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I am on my second oceanfront FL condo, and in both cases the association covered the insurance costs for the building down to the drywall with the unit owner being responsible for the interior (furnishings/appliances/etc). My current policy costs under $500 and includes $1 million liability as well as wind/hurricane damage. I think some people insure for way more than they need -- 2/2 condos in my building are selling for close to $400k currently but the policy does not need to cover anywhere near that amount due to the association insurance covering the structure. So, it is important to know what the association covers before determining insurance needs.
That's consistent with MIL policy.

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Old 03-22-2016, 08:07 PM   #17
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Well, it looks like DW and I may be buying a condo in Florida for snowbirding. The annual carrying costs are about 3/4 (or less) of what it costs to rent for January to March so if the appreciation is decent then the appreciation and the difference in renting should cover the lost investment income in the long run.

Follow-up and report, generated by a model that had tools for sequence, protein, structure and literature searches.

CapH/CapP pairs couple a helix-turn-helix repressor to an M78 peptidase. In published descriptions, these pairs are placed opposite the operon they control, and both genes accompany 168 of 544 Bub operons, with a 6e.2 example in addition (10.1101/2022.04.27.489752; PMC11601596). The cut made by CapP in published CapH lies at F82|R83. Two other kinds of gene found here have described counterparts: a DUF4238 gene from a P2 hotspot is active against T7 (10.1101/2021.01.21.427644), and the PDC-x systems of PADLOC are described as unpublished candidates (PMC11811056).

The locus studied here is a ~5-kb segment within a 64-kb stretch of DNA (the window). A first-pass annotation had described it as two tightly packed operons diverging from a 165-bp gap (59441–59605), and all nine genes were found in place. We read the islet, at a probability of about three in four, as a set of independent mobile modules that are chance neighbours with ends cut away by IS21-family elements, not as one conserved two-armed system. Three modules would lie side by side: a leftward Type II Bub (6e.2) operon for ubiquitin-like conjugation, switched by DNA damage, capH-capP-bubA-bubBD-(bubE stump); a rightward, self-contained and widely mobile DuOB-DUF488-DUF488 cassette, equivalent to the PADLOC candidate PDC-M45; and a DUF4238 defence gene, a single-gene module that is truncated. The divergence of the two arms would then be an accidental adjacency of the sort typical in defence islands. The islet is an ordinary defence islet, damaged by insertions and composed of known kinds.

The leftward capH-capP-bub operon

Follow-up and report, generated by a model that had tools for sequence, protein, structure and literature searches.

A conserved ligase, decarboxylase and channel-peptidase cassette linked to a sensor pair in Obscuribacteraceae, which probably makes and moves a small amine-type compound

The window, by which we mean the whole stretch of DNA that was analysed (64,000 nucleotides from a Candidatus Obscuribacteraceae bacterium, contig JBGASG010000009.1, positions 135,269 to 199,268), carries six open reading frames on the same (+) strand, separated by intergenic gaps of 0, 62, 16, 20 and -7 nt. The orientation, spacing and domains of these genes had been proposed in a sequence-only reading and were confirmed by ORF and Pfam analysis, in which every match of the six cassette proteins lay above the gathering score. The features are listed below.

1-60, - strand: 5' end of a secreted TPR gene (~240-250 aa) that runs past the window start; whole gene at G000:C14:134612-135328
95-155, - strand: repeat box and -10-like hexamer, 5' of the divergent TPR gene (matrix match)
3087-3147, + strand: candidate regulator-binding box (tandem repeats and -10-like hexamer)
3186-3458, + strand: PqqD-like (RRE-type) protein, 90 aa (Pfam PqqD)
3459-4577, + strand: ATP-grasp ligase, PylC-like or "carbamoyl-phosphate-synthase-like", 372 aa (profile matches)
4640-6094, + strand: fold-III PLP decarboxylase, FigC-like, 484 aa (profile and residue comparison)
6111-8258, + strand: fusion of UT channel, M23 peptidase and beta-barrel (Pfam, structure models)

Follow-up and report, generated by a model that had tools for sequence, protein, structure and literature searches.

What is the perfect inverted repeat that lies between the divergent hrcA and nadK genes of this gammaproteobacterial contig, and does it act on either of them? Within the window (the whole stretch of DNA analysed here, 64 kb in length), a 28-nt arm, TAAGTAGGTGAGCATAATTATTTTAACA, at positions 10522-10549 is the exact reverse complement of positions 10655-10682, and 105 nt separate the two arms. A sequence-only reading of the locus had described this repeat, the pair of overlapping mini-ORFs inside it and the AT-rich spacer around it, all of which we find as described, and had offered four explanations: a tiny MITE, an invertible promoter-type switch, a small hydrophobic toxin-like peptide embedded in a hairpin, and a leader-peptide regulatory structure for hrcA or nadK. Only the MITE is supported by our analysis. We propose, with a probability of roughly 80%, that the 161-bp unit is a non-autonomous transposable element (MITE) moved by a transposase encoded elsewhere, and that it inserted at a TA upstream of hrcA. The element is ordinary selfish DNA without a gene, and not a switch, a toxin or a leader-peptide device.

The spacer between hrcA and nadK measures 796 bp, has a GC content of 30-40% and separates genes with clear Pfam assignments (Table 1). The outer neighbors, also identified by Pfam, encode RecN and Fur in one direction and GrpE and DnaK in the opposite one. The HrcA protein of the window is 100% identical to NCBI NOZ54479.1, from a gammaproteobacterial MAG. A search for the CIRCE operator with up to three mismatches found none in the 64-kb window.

What I'm looking to find out from forum members who have bought a condo in Florida is what the process is like. We have bought houses before never a condo.

I assume that we will still want a home inspection of the HVAC, water heater, plumbing and electrical etc even though the association is responsible for the outside walls and grounds. I also want to see the HOA's financials and perhaps read their minutes for the last year to get a sense of their issues and how well they are funded.

I assume that one would want a title search and title insurance for a condo just like one would for a house.

Since it is a cash deal I plan to hire a real estate attorney to do the closing.... make sense?
Congratulations! I have found 2 months rent is break even for us.

Inspections are a good idea, because even if you don't own everything, you still own the HOA fees.

Title search still a good idea.

Definitely look at HOA financials. I see wide variety between our place, MIL, and BIL.

Not a big fan of Real Estate attorney, but better safe than sorry.